Covid-19 pandemic is affecting every aspect of our lives. The banking sector is not an exception. It now faces unprecedented uncertainties in business activities.
The declining economic activities will impact credit quality, loan demand, deposit growth, fee income, etc. Banks are relentlessly trying their best to ensure effective risk management so that the ultimate target i.e. financial stability, can be achieved. But multiple waves of the Covid-19 have changed the total scenario for the worse.
Bangladesh's is a bank-based financial system. As such, any disruption and instability in the economic and business activity have notable implications for the banking industry. Our banking sector has been adopting sophisticated risk-management practices in many instances, based on their risk exposures.
However, these initiatives for managing various risks are not sufficient to cover the crisis arising from the multiple waves of the Covid-19 pandemic. The situation demands specific and purpose-driven risk management initiatives as observed in the global cases. One such initiative might be changing the mindset of the board and top management for achieving effective risk management.
Are we prepared to handle credit risk, market risk, operational risk and liquidity risk, as these are the major risk factors under Basel-III capital framework? It is to be noted that these risk factors are also responsible for declining financial stability.
In the context of Covid-19, credit risk is the most significant risk for the banks in Bangladesh. No doubt, businesses are seriously disrupted and most of the borrowers are either defaulting or experiencing a decline in their credit rating.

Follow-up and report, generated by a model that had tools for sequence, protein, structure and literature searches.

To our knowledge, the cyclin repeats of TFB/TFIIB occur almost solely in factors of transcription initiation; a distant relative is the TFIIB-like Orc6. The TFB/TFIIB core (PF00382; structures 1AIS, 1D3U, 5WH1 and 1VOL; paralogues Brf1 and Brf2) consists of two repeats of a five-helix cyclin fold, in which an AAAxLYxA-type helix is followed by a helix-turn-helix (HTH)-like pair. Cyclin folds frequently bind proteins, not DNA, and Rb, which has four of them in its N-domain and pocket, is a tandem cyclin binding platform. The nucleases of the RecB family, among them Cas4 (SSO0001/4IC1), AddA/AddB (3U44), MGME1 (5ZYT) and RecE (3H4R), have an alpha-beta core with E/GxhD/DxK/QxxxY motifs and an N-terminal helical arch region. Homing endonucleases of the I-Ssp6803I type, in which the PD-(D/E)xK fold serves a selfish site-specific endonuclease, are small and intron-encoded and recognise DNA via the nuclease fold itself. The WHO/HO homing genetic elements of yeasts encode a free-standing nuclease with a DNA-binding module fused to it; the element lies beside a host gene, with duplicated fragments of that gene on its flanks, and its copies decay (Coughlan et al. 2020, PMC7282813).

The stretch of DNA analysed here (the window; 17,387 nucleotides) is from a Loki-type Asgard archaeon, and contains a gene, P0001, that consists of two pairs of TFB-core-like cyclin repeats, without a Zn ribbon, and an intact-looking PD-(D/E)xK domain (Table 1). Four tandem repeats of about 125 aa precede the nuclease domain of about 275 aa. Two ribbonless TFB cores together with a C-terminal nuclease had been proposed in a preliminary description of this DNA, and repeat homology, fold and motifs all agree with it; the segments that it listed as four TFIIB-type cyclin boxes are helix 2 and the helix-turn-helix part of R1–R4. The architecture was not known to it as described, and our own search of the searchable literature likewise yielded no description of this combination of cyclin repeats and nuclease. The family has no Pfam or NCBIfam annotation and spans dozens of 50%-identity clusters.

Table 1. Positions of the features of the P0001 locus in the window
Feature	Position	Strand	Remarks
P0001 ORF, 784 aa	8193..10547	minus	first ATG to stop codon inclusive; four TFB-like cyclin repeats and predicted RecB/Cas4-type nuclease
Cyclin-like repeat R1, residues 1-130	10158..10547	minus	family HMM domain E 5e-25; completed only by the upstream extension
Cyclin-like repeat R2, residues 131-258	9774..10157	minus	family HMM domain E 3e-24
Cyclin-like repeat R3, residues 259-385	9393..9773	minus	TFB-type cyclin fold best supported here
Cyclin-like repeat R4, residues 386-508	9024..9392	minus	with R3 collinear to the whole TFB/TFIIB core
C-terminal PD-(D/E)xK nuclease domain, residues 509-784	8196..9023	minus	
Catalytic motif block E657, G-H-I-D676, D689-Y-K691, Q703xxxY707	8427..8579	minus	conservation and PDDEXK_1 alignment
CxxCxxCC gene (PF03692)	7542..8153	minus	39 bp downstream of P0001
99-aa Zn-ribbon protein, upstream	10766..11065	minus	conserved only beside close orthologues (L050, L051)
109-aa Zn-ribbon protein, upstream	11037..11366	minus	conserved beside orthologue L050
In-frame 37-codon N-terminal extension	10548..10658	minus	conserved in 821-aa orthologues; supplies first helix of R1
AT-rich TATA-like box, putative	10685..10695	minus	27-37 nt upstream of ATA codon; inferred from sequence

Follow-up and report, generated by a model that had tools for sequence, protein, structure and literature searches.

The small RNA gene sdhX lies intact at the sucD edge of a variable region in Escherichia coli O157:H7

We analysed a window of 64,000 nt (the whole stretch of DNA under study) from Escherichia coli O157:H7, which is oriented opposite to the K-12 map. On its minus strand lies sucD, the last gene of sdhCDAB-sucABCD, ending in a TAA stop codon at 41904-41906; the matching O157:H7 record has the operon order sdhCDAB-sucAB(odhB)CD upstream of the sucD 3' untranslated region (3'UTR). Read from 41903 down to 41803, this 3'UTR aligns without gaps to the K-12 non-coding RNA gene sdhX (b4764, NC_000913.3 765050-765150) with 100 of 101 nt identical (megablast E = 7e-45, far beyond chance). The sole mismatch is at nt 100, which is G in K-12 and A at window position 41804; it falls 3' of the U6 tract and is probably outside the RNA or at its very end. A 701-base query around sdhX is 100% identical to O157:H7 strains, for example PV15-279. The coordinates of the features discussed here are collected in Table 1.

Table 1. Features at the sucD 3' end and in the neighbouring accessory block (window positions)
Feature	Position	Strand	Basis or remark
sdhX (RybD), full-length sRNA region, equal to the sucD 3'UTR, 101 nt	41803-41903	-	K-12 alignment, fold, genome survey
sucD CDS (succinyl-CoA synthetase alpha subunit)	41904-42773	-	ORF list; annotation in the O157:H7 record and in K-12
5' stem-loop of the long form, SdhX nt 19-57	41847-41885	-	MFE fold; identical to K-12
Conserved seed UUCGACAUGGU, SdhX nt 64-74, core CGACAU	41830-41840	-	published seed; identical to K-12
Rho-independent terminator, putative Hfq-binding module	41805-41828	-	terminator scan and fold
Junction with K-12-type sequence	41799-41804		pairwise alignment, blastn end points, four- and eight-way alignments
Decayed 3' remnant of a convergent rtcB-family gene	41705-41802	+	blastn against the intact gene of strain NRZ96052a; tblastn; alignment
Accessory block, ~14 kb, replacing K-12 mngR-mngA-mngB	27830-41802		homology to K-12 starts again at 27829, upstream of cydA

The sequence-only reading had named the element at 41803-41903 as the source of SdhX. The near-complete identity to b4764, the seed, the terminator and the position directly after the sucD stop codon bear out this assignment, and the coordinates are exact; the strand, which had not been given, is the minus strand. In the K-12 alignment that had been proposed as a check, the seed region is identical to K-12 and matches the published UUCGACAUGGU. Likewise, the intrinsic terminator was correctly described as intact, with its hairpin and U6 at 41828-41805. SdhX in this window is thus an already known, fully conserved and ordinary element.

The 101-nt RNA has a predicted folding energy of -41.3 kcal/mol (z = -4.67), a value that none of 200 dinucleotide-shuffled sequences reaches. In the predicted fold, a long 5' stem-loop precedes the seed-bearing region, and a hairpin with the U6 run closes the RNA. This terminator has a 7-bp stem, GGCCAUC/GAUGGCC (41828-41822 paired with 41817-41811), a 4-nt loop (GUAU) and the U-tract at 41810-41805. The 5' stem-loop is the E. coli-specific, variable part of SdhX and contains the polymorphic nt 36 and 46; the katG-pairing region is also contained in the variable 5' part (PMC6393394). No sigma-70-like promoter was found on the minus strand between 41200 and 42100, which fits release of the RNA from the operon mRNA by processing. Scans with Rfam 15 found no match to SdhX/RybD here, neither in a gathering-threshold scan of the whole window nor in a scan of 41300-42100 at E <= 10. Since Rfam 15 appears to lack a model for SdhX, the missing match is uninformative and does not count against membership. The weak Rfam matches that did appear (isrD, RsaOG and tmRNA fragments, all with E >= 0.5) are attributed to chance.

As such, the banks are facing a challenging situation to maintain their asset portfolio. The government and the Bangladesh Bank have declared a number of stimulus packages to be implemented through banks for helping the corona-affected businesses so that economic activities can be revived.
However, successful implementation of stimulus packages largely depends on commercial banks, as the risk of adverse selection of borrowers lies with the banks. In addition, stimulus packages may not be able to stop the rising non-performing loans (NPLs) unless banks are able to stop the moral hazard problem.
The operational risk, the second most crucial component for banks after the credit risk, has a significant impact on the banking business due to this corona crisis. Banks are facing severe difficulty in ensuring business continuity during the crisis. Banks should have tested business continuity planning (BCP) to ensure regular business operation while minimising the risk of contamination of their employees and customers.
Work from home is a new phenomenon for the bank employees in this pandemic. Banks are now extensively dependent on the digital platform for providing various banking services to their customers.
This excessive reliance on the digital platform creates opportunities for fraudsters to perform criminal activities, which is a big threat, both for the banks as well as for their customers.
With regards to market risk, the banking sector of Bangladesh is in a suitable position as the weight of market risk components in the total risks is relatively low - contributing to less than 3% of the total risk basket.
In terms of liquidity management, Bangladesh Bank has been actively working in response to the increasingly challenging circumstances. BB responded to the market needs with several efforts of liquidity injection and due to their efforts the market is now flooded with excess liquidity, as observed from the market data. Now this excess liquidity becomes a problem for the banking sector.
We know that Basel-III is a comprehensive risk-based capital management framework for promoting a resilient banking system. The goal of the Basel-III regulation is to increase the financial stability of the banks in order to withstand future economic and financial crises.
The Covid-19 pandemic has changed the whole scenario and puts downward pressure on the capital of the banks. From the global financial crisis we learned that the crisis in the financial sector has a spillover effect on the real economy.